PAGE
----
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San Diego hospitals prepare for next eligible COVID-19 vaccine recipients

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Posted at 11:41 AM, Mar 05, 2021
and last updated 2021-03-05 14:41:40-05

SAN DIEGO (KGTV) — Under California's vaccine distribution guidelines on March 15, those with some underlying medical conditions or a disability will be eligible to get the COVID-19 vaccine.

But how do you know if you fit in that category?

Some Scripps Health patients have already started receiving notifications letting them know a letter will be sent to those who qualify. These patients can schedule a vaccine appointment through the MyScripps online portal beginning March 15.

RELATED: California to ease tier guidelines for counties based on vaccine equity

Kaiser Permanente said they are "working diligently to administer the vaccines to the communities we serve equitably and efficiently," saying in a statement:

"Nationally, COVID-19 vaccine supply is still very limited and unpredictable. The state of California’s eligibility expansion to people with health conditions that put them at higher risk of serious risk from COVID-19 makes sense and is the right next step from a public health perspective.

However, demand for the vaccine still outweighs our supply and we are working diligently to administer the vaccine to the communities we serve as equitably and efficiently as possible. Kaiser Permanente is currently vaccinating people 65 and older, residents of long-term care facilities and those who work in healthcare, education and childcare. The good news is that vaccine supply coming to California does appear to be increasing, and the state’s new effort to improve the effectiveness of vaccine distribution shows great promise, so we are hopeful that the number of Californians vaccinated will continue increasing every day.

In alignment with our core mission of health equity, we are responsible for vaccinating our members, and also the communities where we operate, and we are committed to doing so fairly and equitably. We are also working in partnership with state and local government agencies and other health care providers to establish large-scale vaccination sites for those who are eligible."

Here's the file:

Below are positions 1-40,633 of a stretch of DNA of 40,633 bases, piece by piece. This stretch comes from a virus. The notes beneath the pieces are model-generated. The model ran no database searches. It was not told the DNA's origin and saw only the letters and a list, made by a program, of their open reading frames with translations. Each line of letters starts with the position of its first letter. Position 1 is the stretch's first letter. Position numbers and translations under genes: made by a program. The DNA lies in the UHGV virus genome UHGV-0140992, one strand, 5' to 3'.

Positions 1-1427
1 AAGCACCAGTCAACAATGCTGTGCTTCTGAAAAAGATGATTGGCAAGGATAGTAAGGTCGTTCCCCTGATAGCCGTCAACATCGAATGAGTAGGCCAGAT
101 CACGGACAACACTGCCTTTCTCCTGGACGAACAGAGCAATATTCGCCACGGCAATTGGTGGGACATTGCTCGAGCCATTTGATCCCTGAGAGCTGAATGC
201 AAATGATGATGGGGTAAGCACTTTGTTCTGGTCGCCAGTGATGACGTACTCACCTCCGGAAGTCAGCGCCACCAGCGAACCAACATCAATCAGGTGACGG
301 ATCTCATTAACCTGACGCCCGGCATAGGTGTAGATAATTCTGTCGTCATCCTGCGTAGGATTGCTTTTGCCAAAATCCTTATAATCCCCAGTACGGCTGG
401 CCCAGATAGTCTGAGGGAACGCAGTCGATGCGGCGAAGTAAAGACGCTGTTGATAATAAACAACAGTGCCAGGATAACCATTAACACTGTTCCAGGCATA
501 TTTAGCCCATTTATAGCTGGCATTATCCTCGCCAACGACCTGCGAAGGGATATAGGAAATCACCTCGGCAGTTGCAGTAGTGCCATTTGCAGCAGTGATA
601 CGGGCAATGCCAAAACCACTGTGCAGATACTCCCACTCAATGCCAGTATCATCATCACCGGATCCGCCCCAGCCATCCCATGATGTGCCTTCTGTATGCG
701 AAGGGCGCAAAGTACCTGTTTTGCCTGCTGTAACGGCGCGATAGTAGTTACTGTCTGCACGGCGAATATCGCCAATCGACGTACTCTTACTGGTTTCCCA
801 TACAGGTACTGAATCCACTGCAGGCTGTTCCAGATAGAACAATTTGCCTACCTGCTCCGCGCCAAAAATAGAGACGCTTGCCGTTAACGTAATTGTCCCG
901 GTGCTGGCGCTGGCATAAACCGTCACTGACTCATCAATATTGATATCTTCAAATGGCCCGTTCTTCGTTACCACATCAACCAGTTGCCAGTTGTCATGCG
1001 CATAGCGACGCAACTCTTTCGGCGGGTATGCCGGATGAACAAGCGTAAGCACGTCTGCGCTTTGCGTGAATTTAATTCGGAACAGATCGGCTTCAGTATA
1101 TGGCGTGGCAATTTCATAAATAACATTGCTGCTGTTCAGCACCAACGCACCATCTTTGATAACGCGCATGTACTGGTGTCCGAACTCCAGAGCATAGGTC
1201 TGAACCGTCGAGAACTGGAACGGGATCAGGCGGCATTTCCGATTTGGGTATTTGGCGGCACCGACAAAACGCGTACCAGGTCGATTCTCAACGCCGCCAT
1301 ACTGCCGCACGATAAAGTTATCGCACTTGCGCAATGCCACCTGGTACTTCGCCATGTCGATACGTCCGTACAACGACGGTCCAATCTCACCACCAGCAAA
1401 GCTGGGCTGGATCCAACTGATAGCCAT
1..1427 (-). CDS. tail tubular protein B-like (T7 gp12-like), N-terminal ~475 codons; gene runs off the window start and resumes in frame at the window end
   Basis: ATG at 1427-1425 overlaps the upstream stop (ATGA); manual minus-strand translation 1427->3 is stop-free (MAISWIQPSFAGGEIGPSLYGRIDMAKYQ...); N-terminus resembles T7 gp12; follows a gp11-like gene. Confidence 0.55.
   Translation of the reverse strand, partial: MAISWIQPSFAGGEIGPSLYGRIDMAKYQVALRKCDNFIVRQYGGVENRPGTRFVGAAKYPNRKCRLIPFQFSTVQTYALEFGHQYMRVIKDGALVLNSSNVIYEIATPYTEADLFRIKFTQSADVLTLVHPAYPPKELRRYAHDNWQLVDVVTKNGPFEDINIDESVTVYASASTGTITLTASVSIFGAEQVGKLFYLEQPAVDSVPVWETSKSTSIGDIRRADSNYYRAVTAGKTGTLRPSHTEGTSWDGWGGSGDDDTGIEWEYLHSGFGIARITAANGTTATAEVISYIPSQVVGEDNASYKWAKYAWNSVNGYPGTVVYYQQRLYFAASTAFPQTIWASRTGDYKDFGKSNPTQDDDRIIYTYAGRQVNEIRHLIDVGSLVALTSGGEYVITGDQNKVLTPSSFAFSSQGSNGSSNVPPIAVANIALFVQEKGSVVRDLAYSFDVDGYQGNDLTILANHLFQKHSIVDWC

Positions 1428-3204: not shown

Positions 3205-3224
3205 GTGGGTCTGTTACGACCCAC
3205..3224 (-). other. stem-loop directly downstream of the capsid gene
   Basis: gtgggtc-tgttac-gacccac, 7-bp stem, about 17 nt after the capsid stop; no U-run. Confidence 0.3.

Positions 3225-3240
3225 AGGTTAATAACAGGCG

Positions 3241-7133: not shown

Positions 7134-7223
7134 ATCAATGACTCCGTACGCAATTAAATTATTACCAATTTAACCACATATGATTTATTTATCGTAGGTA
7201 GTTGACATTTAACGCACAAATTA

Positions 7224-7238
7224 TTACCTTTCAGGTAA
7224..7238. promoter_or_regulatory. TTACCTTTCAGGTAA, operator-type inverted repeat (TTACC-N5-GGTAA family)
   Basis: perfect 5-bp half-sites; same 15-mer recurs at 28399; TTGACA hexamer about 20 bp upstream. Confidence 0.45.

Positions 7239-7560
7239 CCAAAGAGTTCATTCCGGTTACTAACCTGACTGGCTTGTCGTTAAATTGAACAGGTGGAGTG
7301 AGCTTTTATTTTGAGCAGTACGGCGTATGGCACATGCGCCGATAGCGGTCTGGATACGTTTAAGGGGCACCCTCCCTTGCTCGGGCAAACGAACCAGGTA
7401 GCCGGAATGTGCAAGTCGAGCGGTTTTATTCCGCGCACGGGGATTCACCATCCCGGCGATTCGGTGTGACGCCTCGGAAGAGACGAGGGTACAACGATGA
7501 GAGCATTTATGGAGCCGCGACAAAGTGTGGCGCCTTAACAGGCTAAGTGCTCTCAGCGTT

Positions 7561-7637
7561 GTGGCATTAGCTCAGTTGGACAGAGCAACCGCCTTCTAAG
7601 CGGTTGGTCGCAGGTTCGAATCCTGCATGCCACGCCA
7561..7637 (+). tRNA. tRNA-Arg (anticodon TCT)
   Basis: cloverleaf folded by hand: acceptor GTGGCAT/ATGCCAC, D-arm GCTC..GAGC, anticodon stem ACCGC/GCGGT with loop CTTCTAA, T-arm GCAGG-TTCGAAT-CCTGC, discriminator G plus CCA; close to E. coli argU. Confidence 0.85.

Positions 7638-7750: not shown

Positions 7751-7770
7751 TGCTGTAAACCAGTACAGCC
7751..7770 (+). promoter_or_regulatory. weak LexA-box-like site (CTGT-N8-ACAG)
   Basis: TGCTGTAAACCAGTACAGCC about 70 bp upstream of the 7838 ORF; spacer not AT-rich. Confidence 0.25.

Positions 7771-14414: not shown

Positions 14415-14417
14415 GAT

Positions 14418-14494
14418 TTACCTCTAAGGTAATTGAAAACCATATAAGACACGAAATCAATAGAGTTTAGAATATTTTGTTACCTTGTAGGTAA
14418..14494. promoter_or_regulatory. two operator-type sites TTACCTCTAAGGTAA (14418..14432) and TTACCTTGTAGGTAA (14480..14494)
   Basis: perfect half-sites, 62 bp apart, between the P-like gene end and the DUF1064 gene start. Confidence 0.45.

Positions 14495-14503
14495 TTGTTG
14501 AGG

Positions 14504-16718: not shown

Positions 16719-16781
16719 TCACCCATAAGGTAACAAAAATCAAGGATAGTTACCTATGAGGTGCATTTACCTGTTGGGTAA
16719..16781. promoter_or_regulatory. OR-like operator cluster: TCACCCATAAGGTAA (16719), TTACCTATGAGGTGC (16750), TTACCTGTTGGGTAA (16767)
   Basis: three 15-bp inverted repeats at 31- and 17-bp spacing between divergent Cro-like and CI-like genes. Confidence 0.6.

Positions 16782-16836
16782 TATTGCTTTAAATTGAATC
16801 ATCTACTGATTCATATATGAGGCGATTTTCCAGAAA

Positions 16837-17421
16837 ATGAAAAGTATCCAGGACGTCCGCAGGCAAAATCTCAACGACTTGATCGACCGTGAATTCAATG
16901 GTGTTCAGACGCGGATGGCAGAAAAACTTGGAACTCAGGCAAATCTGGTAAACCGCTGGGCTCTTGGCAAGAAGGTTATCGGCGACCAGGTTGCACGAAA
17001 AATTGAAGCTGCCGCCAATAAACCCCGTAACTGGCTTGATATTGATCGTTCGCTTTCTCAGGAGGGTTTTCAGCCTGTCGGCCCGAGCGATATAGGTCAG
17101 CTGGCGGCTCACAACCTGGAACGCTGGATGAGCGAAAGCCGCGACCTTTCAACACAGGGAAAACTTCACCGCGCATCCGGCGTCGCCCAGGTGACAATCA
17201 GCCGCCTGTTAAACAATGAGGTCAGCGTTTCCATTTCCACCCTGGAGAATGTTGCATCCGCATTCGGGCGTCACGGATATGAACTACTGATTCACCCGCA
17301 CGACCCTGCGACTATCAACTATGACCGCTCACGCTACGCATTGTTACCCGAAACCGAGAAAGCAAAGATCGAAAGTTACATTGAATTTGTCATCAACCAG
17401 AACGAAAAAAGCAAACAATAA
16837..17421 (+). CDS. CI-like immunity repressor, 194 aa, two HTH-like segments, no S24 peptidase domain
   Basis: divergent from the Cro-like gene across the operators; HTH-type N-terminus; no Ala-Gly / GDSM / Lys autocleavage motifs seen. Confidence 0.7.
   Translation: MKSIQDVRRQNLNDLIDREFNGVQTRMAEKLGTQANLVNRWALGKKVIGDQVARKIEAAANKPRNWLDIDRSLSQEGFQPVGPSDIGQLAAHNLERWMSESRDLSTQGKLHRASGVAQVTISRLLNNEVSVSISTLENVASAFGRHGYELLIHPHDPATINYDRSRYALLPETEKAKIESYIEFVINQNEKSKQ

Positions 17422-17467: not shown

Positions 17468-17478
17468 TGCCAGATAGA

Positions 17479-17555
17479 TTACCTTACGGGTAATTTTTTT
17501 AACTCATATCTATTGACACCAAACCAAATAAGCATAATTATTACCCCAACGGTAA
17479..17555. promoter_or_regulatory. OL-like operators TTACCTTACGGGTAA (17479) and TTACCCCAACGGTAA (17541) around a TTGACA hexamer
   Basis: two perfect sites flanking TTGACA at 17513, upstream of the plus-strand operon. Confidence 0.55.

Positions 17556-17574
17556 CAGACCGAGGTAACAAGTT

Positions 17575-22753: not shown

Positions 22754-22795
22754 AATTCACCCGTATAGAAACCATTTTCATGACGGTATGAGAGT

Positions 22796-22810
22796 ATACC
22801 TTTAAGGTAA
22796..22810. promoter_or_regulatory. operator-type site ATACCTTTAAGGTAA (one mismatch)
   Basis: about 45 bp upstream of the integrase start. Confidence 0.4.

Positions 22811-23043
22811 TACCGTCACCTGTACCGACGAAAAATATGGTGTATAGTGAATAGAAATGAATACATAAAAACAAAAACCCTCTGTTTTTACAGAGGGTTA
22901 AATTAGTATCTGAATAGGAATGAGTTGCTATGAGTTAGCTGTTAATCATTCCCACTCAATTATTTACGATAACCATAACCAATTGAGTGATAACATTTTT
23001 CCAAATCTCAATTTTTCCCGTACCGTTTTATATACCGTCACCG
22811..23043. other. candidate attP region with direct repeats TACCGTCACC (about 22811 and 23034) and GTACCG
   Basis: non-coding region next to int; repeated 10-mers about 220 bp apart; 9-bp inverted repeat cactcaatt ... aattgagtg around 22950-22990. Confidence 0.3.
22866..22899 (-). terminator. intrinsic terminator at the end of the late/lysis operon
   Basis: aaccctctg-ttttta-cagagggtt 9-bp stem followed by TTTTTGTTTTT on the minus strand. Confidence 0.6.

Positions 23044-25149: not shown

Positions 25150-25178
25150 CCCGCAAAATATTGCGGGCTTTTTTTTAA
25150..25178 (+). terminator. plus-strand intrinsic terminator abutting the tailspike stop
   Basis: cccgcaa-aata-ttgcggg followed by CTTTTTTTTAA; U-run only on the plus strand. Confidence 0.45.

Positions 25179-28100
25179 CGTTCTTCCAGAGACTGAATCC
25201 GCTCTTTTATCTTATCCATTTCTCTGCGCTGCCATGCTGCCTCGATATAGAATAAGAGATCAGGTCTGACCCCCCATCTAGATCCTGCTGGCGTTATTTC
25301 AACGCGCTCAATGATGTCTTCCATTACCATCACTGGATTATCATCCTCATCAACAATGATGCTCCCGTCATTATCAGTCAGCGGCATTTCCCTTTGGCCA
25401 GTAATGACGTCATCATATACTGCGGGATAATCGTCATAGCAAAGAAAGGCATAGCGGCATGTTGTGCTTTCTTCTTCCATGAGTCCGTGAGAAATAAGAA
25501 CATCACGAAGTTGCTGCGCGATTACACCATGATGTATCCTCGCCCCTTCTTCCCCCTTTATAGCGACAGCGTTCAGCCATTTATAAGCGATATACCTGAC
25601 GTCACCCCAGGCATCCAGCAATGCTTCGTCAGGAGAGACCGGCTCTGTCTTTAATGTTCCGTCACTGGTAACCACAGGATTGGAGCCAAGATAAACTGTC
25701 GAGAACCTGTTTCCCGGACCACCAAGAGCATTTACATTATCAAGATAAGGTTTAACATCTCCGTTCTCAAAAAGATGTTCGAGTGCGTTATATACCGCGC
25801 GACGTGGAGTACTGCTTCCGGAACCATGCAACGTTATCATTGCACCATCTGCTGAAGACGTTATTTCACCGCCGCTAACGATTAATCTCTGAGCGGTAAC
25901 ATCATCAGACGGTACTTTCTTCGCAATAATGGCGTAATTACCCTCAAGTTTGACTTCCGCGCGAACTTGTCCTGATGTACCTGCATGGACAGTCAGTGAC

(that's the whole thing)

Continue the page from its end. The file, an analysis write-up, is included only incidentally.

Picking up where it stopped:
ABC 10News has reached out to the other health care systems in the county and we are waiting to hear back.

California public health officials say the changes to the vaccine rollout will not have any impact on the state’s plans to open up vaccinations on March 15 to those 16 to 64 with underlying medical conditions or disabilities. Those eligible in that phase include:

  • Cancer, current with debilitated or immunocompromised state
  • Chronic kidney disease, stage 4 or above
  • Chronic pulmonary disease, oxygen-dependent
  • Down syndrome
  • Immunocompromised state (weakened immune system) from solid organ transplant
  • Pregnancy
  • Sickle cell disease
  • Heart conditions, such as heart failure, coronary artery disease, or cardiomyopathies (excludes hypertension) Severe obesity (Body Mass Index ≥ 40 kg/m2)
  • Type 2 diabetes mellitus with hemoglobin A1c level greater than 7.5%

People with developmental or other severe high-risk disabilities may also be qualified as listed here.

Under those changes, the state will loosen the requirements to move into the red tier of reopening after two million vaccinations have been administered in vulnerable communities identified by the state's Healthy Places Index.